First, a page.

A pair of Microsoft-backed industry groups applauded the ultimatumEuropean Union antitrust regulators issued to rival Google overalleged anti-competitive practices. The Association for Competitive Technology (ACT) on Monday calledthe EU's move "very impressive" and said action on the part ofBrussels regulators "will have a profoundly positive impact oninnovation," if they can persuade Google to change its behavior. Although the group counts more than 3,000 small- and mid-sized appdevelopment and IT firms, ACT is also backed by some of the biggestnames in the business, including Microsoft, Oracle, eBay and Intel. "It is better to outline concerns and give a company the abilityand flexibility to remedy them on their own before launching aformal statement of objections," wrote Jonathan Zuck, the presidentof the ACT, in a Monday blog . "We hope that Google takes the opportunity seriously to find effective solutions." Zuck was referring to the press release issued by the CompetitionCommission, the EU's antitrust agency, and the letter that JoaquinAlmunia, who heads the commission, sent to Eric Schmidt, executivechairman of Google. |
Almunia outlined four areas of concern , all having to do with search and online advertising, that thecommission wants addressed. He gave Google "a matter of weeks" tocome up with proposals of its own. Failing that, Almunia said, theEC would continue its investigation into possible anti-competitivepractices by Google, "including the possible sending of a Statementof Objections," a list of formal charges. ACT cast the battle as between Google and small companies, ratherthan between Microsoft and Google. "Because these issues impact small businesses the hardest, it iscritical that the EU takes decisive steps to address the Googleantitrust problem." Zuck said.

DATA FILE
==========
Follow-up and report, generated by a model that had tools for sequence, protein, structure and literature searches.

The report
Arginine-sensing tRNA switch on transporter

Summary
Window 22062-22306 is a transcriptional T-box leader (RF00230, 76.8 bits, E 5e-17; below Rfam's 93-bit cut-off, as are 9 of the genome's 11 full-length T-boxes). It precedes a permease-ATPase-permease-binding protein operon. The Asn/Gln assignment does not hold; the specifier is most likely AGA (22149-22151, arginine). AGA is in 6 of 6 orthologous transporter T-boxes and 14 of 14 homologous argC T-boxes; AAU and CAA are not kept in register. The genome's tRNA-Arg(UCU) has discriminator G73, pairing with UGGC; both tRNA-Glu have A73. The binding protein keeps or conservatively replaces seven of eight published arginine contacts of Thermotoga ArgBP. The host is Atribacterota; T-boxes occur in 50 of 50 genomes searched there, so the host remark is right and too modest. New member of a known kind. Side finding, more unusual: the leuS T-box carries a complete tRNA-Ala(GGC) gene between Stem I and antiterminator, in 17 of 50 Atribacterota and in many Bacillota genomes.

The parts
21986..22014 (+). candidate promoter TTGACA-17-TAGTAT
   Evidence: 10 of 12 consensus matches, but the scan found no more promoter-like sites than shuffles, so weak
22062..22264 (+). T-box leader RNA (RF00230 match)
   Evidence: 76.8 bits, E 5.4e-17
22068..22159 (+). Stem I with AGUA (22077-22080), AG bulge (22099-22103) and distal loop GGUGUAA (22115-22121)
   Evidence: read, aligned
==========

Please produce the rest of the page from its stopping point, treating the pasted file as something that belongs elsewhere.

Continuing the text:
The group has been a prominent defender of Microsoft's interests inthe past as well. In 2004 and 2009, ACT argued in favor of Microsoft when the Redmond, Wash., company faced EU antitrustinvestigations. Also Monday, the Initiative for a Competitive Online Marketplace(ICOMP), another Microsoft-backed group, praised Almunia's standwhile pushing for what it called "stringent measures" against thesearch giant. "Google has a track record of frustrating official investigationsand many third parties have had unhappy experiences when enteringinto negotiations," said David Wood, counsel for ICOMP, in a statement Monday. Wood also read into Almunia's demands.
"[They imply] that thecommission has found that Google's behavior constituted an abuse ofits dominant position in the online search market," Wood stated. Among the original complainants who pleaded their cases before thecommission in 2010 -- which led to the still-ongoing investigation-- was U.K. price-comparison website Foundem, a member of ICOMP. In 2010, Google blamed Microsoft for sparking the probe.
Google on Monday said it disagreed with the commission'sconclusions but would be "happy to discuss any concerns they mighthave." Microsoft and Google remain locked in a battle for search engineshare, which the latter continues to win in the U.S. and worldwideby wide margins. According to Irish metrics company StatCounter,Google controlled an overwhelming 94.5% of Europe's search marketlast month. Gregg Keizer covers Microsoft, security issues, Apple, Web browsersand general technology breaking news for Computerworld.
FollowGregg on Twitter at @gkeizer , on Google+ or subscribe to Gregg's RSS feed . His email address is . See more by Gregg Keizer on Computerworld.com . Read more about internet search in Computerworld's Internet Search Topic Center.
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